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The Soloist

Not Quite a Symphony

Rating: 2.5 out of 5 stars.

Nothing says “Oscar bait” like a “based on a true story” film centered on the redemptive friendship between a lonely, divorced writer and a mentally ill, homeless musician. Add to that Oscar-nominated and Oscar-winners in front of and behind the cameras and you have a seemingly perfect formula for Oscar success. Unfortunately, Joe Wright’s (Atonement, Pride and Prejudice) third film, The Soloist, from a screenplay by Susannah Grant and based on Steve Lopez’s newspaper series and the subsequent non-fiction book, is hitting movie theaters two months after Oscar statues have been handed out. It’s also far too early for next year’s Academy Awards, all of which signals the studio executives’ lack of confidence in the finished film. Sadly, they were right.

As the summer of 2005 winds down, Steve Lopez (Robert Downey Jr.), a Los Angeles Times writer, finds the subject of his next column when he encounters Nathaniel Ayers (Jamie Foxx), a homeless musician, performing on a shoddy, two-stringed violin in a public park. Ayers rebuffs Lopez’s initial attempts at conversation, but Lopez picks up a salient thread from Ayers’ mumblings: Ayers claims he attended Julliard in the early 1970s.

Research proves Ayers correct -- a one-time child prodigy, he attended but failed to graduate from Julliard due to the onset of schizophrenia, lived for three decades in Cleveland with his family, and after his mother’s passing in 2000, drifted west until he arrived in the City of Angels, eking out subsistence living as a street musician. Lopez sees not just the subject of a single column, but a whole series on Ayers and Ayers as just one of the many mentally ill homeless people who live in Los Angeles.

With the hesitant support of his ex-wife/current boss, Mary Weston (Catherine Keener), Lopez writes a series of columns that strike a cord with his readership and, eventually, the mayor of Los Angeles, Antonio Villaraigosa (Marcos De Silvas). As Lopez’s professional interest in Ayers veers into the personal, he becomes part of the story he’s reporting on (his objectivity, however, remains unquestioned). After an elderly reader sends her cello to Ayers (care of Lopez), Lopez sets up Ayers with a locker and a performance space at the Lamp Community Center, lessons from a professional cellist, Graham Claydon (Tom Hollander), and reunites Ayers with his estranged sister, Jennifer (Lisa Gay Hamilton). Each ostensible step forward toward social integration, however, places Ayers’ fragile mental state at risk, ultimately raising (unanswered) questions about the limits of helping the mentally ill and the homeless.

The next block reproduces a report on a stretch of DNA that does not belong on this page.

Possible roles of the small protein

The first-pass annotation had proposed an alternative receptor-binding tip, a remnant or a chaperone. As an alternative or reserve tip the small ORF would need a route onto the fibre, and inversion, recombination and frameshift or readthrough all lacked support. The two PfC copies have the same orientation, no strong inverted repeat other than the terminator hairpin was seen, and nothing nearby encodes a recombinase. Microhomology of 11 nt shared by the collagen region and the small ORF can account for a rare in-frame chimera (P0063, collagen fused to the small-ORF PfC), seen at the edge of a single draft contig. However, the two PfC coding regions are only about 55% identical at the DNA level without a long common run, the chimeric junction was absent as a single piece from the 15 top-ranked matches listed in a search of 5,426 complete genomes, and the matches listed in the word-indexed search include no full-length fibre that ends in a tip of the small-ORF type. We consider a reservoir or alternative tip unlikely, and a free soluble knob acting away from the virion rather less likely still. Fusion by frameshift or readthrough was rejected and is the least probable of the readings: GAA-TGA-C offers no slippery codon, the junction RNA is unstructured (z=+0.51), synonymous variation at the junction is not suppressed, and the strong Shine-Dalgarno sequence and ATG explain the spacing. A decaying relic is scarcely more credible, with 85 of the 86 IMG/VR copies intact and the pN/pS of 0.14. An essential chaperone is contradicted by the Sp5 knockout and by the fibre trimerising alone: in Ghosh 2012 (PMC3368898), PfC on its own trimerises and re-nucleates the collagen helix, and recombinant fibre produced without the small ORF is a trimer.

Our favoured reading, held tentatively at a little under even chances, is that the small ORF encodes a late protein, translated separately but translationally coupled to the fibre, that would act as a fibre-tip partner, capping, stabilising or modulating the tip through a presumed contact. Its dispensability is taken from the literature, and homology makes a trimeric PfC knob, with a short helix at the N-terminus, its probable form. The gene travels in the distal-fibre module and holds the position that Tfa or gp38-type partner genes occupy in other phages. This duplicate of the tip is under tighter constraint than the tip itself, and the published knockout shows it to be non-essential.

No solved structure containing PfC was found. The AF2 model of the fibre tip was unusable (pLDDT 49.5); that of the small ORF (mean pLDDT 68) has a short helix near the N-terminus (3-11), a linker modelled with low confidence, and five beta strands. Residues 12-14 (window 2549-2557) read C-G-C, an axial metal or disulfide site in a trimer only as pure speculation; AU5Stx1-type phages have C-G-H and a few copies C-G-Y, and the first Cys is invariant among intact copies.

The subtitle to Lopez’s book perfectly sums up The Soloist’s central preoccupations and what we, as moviegoers, are expected get out of the film: “A Lost Dream, an Unlikely Friendship, and the Redemptive Power of Music.” With Susannah Grant adapting Lopez’s articles and subsequent non-fiction book into a conventional Hollywood film (liberties, as usual, have been taken with facts), Wright has crafted an overly earnest, occasionally manipulative, sometimes sermonizing “social-conscience” film. Both Wright and Grant deserve credit for spotlighting the harsh realities of mental illness and homelessness, but as with any film, good intentions are rarely (if ever) sufficient to excuse away story flaws. The Soloist firmly belongs in this category.

Wright and Grant seem content to lean heavily on Foxx (idiosyncratic) and Downey, Jr.’s (subdued) performances, and the “power of love” redemption story and character arc, one where mental illness and creativity are seemingly bound together by misfortune, fate, and/or genetics, to carry them across the narrative finishing line. Wright also includes a migraine-inducing light show to represent how Ayers experiences music, redundant, momentum-sapping flashbacks, and mis-judged feel-good moments tacked on to the closing scenes. If only Wright and Grant had trusted their audience more and their inclination toward didacticism less, then The Soloist would have met the producers lofty Oscar expectations.